China's New Jets Are Impressive. But Are They for Real?
There was a brief but impressive show of new U.S. aircraft technology this week. The problem is that the planes belong to the Chinese military.
Aided in large part by espionage against the Pentagon and U.S. firms, the People's Liberation Army air force unveiled its new J-20 stealth fighter, which it says is a so-called fifth-generation fighter like the American F-22 and F-35. Two J-20s flew for just a few minutes at an airshow in Zhuhai on Tuesday, leaving military experts of two minds about what the J-20 is actually capable of.
While Bradley Perrett of Aviation Week warned it was "clearly a big step forward in Chinese combat capability," Greg Waldon of the consultancy FlightGlobal said the big reveal of the flyby was "we learned it was loud."
If the sparse details released by the Chinese and speculation of military insiders are accurate, the plane could present some problems should the cool war in the South China Sea heat up. The jet is said to have a longer range and more armament than the competing U.S. fighters, and while it doesn't likely have the computer systems to pose a threat to them, it could make easy targets of American refueling and surveillance craft.
But as far as U.S. officials are concerned, these capacities exist only in rumor. This is a common theme in all the Western fretting about China's cutting edge military prowess: Nobody knows whether any of it is real.
Consider the Chinese military's "carrier-killer missile," the DF-21D. It was unveiled last year, during China's celebrations marking the 70th anniversary of the end of World War II, amid a hype campaign calling it the fastest missile in the world. In the U.S. military, there is speculation that it has radar that can see over the horizon and a maneuverable warhead that allows precision guidance as it nears its target. This has some experts warning that the age of the American aircraft carrier is over.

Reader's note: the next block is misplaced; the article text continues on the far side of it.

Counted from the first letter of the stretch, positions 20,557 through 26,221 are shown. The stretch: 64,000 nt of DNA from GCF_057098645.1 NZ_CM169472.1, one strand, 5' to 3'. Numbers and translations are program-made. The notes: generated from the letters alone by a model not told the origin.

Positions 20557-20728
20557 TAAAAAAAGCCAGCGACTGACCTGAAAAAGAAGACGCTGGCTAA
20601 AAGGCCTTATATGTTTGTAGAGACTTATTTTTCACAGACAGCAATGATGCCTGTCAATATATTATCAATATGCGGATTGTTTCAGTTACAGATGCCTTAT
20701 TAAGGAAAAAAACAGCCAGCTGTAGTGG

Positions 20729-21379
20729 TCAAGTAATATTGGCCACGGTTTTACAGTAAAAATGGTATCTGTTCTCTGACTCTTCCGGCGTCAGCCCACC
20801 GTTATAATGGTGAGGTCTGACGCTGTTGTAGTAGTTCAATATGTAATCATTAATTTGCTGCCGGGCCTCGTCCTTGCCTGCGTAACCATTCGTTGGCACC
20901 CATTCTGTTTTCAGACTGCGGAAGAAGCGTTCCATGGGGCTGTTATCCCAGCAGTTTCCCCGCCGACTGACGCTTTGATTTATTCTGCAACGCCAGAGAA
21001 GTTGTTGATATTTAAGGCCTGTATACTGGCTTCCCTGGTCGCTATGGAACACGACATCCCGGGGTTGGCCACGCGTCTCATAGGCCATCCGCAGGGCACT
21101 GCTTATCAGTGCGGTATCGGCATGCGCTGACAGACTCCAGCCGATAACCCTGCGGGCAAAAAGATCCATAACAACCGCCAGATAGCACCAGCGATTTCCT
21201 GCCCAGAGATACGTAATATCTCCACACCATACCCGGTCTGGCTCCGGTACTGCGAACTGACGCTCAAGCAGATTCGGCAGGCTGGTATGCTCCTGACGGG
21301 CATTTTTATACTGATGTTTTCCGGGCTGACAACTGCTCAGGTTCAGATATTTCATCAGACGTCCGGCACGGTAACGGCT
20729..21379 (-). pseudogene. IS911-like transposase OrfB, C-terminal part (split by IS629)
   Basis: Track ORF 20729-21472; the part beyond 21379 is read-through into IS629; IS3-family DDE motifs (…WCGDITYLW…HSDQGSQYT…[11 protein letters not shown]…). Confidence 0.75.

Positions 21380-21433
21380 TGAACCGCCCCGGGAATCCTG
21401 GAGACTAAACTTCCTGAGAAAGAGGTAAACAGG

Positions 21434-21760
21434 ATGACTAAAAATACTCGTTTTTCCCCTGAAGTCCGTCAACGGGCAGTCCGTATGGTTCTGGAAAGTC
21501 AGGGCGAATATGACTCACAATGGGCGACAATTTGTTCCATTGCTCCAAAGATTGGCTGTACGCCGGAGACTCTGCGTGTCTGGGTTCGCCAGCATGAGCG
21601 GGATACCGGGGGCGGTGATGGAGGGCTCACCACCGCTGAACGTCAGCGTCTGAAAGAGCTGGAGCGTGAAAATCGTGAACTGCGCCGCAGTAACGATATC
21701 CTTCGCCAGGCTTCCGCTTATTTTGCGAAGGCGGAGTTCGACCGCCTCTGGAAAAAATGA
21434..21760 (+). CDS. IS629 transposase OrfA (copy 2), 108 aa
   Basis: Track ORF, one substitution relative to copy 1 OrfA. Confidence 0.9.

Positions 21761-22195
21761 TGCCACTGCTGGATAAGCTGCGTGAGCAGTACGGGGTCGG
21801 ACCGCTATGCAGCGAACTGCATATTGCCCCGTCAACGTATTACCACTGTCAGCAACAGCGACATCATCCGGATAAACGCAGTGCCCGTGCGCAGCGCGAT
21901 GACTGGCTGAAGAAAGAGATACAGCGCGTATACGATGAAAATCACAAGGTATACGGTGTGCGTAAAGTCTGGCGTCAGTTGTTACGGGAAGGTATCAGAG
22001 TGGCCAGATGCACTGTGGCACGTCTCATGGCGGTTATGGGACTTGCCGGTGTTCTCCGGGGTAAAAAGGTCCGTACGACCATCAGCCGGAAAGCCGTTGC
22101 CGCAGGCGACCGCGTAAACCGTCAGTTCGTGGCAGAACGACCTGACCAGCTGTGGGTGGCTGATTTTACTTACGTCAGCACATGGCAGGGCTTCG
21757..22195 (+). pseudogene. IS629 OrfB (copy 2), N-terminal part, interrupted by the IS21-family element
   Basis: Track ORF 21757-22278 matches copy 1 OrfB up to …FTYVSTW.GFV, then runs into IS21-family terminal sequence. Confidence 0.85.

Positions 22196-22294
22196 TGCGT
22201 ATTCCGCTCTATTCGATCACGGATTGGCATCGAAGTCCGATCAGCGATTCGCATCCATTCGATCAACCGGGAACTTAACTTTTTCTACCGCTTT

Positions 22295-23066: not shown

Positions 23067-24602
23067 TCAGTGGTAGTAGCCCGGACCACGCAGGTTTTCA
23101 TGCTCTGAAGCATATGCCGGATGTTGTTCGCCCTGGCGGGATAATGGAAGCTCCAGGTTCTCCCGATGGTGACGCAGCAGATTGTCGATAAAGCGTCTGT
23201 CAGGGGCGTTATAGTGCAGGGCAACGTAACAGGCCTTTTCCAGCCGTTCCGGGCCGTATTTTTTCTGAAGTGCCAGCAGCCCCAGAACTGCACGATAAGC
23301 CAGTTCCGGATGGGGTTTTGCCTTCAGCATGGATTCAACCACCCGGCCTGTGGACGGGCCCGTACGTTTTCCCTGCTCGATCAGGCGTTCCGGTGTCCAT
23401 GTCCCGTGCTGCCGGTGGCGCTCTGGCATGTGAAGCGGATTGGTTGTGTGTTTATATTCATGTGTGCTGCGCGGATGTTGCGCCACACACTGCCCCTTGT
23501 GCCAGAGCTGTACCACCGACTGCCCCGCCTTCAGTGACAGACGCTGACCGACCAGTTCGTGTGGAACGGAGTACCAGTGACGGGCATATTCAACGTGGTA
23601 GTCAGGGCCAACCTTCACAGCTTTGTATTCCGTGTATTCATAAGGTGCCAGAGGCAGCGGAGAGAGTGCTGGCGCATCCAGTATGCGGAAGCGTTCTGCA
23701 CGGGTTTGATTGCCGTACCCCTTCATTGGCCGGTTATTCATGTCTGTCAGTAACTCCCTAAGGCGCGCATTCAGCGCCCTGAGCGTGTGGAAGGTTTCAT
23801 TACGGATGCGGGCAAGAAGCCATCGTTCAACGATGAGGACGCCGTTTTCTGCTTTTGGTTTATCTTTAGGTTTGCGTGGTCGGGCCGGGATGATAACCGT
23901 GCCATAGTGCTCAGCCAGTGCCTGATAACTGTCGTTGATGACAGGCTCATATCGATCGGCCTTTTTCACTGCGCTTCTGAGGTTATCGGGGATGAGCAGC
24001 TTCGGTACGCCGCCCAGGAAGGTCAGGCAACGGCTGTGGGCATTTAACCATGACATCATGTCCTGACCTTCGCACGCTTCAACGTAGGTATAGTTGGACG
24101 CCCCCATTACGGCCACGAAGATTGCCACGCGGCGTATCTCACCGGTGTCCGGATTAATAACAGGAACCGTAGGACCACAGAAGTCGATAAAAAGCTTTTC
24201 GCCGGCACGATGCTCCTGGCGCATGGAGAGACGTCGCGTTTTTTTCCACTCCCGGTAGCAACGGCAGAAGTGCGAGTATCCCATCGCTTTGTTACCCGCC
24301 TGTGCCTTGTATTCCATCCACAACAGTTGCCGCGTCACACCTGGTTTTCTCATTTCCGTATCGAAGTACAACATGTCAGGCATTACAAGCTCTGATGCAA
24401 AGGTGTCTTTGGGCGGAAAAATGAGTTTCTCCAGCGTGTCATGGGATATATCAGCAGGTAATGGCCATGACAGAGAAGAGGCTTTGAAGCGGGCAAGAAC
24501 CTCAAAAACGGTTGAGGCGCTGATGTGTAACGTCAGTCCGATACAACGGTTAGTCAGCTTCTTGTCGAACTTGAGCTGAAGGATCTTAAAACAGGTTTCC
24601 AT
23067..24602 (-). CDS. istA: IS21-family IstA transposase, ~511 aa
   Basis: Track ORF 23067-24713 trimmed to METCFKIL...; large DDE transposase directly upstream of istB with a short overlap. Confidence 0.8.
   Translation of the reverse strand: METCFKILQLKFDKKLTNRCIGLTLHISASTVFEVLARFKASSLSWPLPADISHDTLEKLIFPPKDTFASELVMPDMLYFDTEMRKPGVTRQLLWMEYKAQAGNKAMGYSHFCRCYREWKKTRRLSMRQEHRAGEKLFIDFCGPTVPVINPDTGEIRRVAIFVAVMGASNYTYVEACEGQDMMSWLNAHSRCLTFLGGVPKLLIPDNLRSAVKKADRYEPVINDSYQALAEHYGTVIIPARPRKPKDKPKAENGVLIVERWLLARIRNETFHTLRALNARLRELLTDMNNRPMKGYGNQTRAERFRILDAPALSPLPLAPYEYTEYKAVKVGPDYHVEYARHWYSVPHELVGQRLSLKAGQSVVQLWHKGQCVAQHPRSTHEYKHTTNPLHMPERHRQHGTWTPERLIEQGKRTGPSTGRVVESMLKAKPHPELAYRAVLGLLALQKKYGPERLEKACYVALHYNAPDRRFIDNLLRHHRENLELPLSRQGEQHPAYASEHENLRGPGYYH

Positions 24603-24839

But, again, there is little proof that this missile is real or that China has any of the capabilities that so worry the West. The same can be said of the YJ-12 missile, which is said to fly just above the surface of the water to avoid radar tracking. While we've seen these weapons in parades, demonstrations and airshows, the real question is what's inside. "Chinese 'hardware' continues to improve dramatically, but the caliber of the 'software' supporting and connecting it remains uncertain and untested in war," noted analyst Andrew Erickson in the National Interest. "The missile components of the DF-21D already are proven through multiple tests, but China’s ability to use the missile against a moving target operating in the open ocean remains unproven."
Then there is the new Type 093B nuclear-powered attack submarine, which some fear may be as deadly as the U.S. Navy's Los Angeles-class boats. "The 93B is analogous to our LA improved in quietness and their appearance demonstrates that China is learning quickly about how to build a modern fast attack boat,” according to Gary Hendrix of the Center for a New American Security. But high-ranking Navy officials are more sanguine, noting that in undersea warfare the Chinese approach has centered on quantity over quality -- Beijing is thought to have at least 70 attack subs, as compared to around 50 for the U.S. -- and the consensus among the top Pentagon brass is that China is unlikely to have made the leaps in technology some fear.
So what does this all mean for long-term U.S. strategy (beyond, of course, getting better at protecting our military secrets)? If we take the threat of Chinese advances seriously, the first step would be to take a tough look at plans to build 10 new Ford-class supercarriers, which would be quite vulnerable if the Chinese are really as far along as some fear. This doesn't mean giving up on carriers -- as forward-based platforms that don't rely on allies for hosting aircraft, they remain vital. But the wiser fiscal and preparedness choice may be stopping after the three supercarriers now under construction are completed and renovating five or so of the existing Nimitz-class, which are still far and away the terror of the seas. Through smarter management of maintenance and crew rotations, eight craft could conceivably do as effective a job patrolling the globe as the Navy's hoped-for 10. (Carriers will always, alas, be more vulnerable than fake islands.)
Another idea is to make the U.S. fleet more dispersed and effective through emphasizing "distributed-lethality warfare." This would involve making far more ships in the fleet -- including those responsible for reconnaissance, specialized missions such as mine dispersal, and protecting aircraft carriers -- capable of both striking the enemy and defending themselves. This gives the enemy more threats to protect against and more targets to eliminate. To some extent the Navy seems to be considering the approach; for example, it has upgraded the armor, weaponry and anti-torpedo capability of its troubled littoral combat ship.
Inevitably, long-term military thinking is an exercise in predicting what former Defense Secretary Donald Rumsfeld called known unknowns. The J-20 flyby showed only how little we know about China's drive to become a cutting-edge military.
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